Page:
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Patchbays 101

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Maybe you record music or podcasts, and now you’re growing. You no longer work on your laptop and have gear, but you’re fed up with constantly getting behind your rig to change wires and channels.

Well, this is where patch bay comes in. You might ask, what is a patch bay? Well, let me explain.

What is a Patchbay?

Your outboard equipment’s inputs and outputs are all connected into one central hub by an audio ‘Patchbay.’ This makes it possible to switch from one device to another without having to move behind a rack of equipment.

Even though it requires preparation and time, using a patch bay is simple once everything is connected. You’re good to go if you know how to use your equipment.

In easy words, you might have seen those movies that, in the old days, there was this room with a wall filled with cables, and the assistant sitting over there would route a call from one channel to another. Patch bay is the same thing but used for your, let’s say, recording equipment.

How to Set Up and Use a Patch Bay?

You can design your personalized audio signal routing using a patch bay. You can build bespoke processing chains by connecting the ports on the front of the patch bay by means of patch bay cables after attaching your microphones, outboard equipment, and audio interface to the patch bay’s rear.

Signal Flow

An audio engineer needs to comprehend how signals go through the patch bay. There are six groups in the signal flow. These organizations capture the vocalists’ and musicians’ sounds on tape.

Your digital audio workstation receives the signal from the patch bay console after that. The signal eventually returns through the speakers.

Best Audio Patch Bay Cables

You can calculate the quantity and length of patch cables you’ll need after you have a plan. The most popular patch cable types supported by patch bays are 14″ TRS cables and TT Type TRS cables.

Determining if your patch bay and requests are TRS (balanced, stereo) or TS is essential (unbalanced, mono).

You can only pass a correctly balanced signal if you have TRS patch cords and a TRS patch bay. Let’s talk about some of the connection types and cables:

Front Panel Connections:

¼” TRS

The type of patch bays most frequently found in home studios is 1/4′′ TRS. The tip ring sleeve is referred to as TRS.

The balanced line level signals that originate from the output of mic preamps, outboard equipment, or electronics like synthesizers, samplers, and drum machines can be carried by TRS cables.


Simple, single-point setups with a female input on the front panel and a male output on the back panel are typical of XLR patch bays.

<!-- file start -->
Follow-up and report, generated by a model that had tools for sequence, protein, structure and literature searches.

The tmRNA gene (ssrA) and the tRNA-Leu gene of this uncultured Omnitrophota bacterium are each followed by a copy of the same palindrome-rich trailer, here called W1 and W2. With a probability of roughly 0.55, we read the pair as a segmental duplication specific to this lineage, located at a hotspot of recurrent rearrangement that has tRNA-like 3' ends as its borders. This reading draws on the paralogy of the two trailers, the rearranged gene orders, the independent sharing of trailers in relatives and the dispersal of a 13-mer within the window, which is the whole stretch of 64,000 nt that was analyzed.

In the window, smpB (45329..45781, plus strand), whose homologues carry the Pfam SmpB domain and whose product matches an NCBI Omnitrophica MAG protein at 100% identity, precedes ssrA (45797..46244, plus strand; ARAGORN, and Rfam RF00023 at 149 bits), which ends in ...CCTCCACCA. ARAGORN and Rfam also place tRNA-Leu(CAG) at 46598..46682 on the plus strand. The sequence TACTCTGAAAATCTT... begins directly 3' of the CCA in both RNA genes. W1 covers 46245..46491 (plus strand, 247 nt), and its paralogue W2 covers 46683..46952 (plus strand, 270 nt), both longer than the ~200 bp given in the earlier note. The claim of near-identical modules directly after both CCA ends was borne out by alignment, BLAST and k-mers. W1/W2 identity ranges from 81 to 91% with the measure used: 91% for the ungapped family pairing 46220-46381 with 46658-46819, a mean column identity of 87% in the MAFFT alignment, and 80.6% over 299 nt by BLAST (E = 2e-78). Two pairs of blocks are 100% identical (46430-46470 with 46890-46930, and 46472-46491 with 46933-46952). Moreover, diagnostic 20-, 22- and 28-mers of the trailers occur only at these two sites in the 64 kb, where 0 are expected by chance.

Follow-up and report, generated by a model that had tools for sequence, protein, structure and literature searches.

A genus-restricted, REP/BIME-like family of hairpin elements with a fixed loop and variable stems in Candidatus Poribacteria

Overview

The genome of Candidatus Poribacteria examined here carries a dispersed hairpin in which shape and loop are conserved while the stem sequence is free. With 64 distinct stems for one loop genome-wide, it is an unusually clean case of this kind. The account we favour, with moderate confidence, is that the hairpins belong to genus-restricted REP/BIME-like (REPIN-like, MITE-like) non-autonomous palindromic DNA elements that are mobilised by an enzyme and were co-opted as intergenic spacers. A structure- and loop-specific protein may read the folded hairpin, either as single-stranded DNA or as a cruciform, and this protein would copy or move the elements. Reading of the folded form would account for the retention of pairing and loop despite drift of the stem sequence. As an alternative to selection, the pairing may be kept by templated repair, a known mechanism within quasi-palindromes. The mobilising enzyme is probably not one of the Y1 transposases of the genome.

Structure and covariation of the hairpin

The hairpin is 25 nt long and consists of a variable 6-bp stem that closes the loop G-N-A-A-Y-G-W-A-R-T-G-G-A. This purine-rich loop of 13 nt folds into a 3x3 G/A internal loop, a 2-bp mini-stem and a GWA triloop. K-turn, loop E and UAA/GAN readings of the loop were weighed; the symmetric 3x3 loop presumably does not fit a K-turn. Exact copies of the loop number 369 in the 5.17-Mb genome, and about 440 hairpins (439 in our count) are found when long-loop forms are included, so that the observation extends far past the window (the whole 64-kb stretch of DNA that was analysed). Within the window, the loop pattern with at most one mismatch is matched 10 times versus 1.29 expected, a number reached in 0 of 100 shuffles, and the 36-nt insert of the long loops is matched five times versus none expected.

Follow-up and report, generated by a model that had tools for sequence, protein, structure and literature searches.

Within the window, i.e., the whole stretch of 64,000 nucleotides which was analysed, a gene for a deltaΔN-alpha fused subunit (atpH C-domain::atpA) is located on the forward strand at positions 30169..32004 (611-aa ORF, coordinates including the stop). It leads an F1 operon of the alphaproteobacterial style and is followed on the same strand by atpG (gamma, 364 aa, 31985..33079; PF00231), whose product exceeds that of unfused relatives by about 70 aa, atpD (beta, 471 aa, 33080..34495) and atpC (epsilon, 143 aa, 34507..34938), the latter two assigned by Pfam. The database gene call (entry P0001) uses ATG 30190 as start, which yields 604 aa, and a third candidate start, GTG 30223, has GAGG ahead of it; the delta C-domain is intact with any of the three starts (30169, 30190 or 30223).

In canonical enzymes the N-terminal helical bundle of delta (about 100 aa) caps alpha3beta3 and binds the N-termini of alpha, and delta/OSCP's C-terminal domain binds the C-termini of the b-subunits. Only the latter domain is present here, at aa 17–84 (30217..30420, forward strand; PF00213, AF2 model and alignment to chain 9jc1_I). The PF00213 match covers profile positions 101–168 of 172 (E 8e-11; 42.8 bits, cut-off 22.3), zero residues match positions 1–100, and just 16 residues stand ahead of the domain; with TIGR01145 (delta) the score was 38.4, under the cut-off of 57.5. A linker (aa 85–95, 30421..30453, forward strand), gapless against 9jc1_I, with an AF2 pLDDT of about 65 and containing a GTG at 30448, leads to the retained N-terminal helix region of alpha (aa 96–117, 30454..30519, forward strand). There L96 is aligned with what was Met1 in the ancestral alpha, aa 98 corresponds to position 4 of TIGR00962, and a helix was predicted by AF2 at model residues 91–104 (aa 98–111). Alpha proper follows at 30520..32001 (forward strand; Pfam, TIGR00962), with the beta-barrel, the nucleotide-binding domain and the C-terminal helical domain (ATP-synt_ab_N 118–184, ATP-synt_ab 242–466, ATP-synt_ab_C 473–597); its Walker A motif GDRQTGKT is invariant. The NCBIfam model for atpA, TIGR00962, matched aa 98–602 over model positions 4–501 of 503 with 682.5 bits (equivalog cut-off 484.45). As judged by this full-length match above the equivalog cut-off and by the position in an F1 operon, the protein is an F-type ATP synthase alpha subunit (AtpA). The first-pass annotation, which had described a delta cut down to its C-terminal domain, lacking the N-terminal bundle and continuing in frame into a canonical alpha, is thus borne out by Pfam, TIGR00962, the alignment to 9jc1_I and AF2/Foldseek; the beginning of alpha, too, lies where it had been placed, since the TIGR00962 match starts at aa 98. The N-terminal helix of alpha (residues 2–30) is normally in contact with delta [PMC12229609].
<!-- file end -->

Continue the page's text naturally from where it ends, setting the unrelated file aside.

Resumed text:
Single XLR connections are typically relocated to more useful locations for direct patching using these bays.

TT (Tiny Telephone)

Bantam or tiny telephone cables enables up to 96 distinct connection points to be contained in a single patch bay. These are the typical connectors used on studio patch bays of the highest caliber.

Unless you have a rack full of expensive equipment, this patch bay type is likely overkill for a home studio because individual TT cables might be costly.

Back panel connections:


DB25 connections seem like the ones used to connect to old desktop computers because they are.

These connectors can transport up to 8 balanced signals when used for audio. In order to fit the most connections into the smallest amount of space, they are typically utilized in TT patch bays.

To connect to equipment that has a 14″ TRS or XLR input, you need DB25 snakes with the corresponding connector ends.

¼” TRS

For input and output, typical consumer patch bays use 14″ TRS. This lowers the cost and increases the accessibility of connectivity for home studios.


TT patch bays may include the high-density connector type EDAC.

Patch Bay Basics And Normalizing:

The audio signal’s path through the patch bay is all that concern when it comes to normalizing. Unless a patch cable is utilized, outputs and inputs are connected to one another inside the patch bay.

Knowing when to use one configuration over another will depend on your workflow. Therefore, before installing your equipment, consider this and other aspects.

Full-Normal Patch Bay vs. Half-Normal Patch Bay:

If you want me to give you the simplest definition which can differentiate between Full-normal patch bay and Half-normal patch bay, then:

In a Full-normal Patch bay, the connections between the rear panels are broken when a front panel connection is created.

While in a Half-normal Patch bay, the connections on the rear panel of a half-normal bay are linked; a connection to the top row of the front panel does not break the link, but a connection to the lower row does.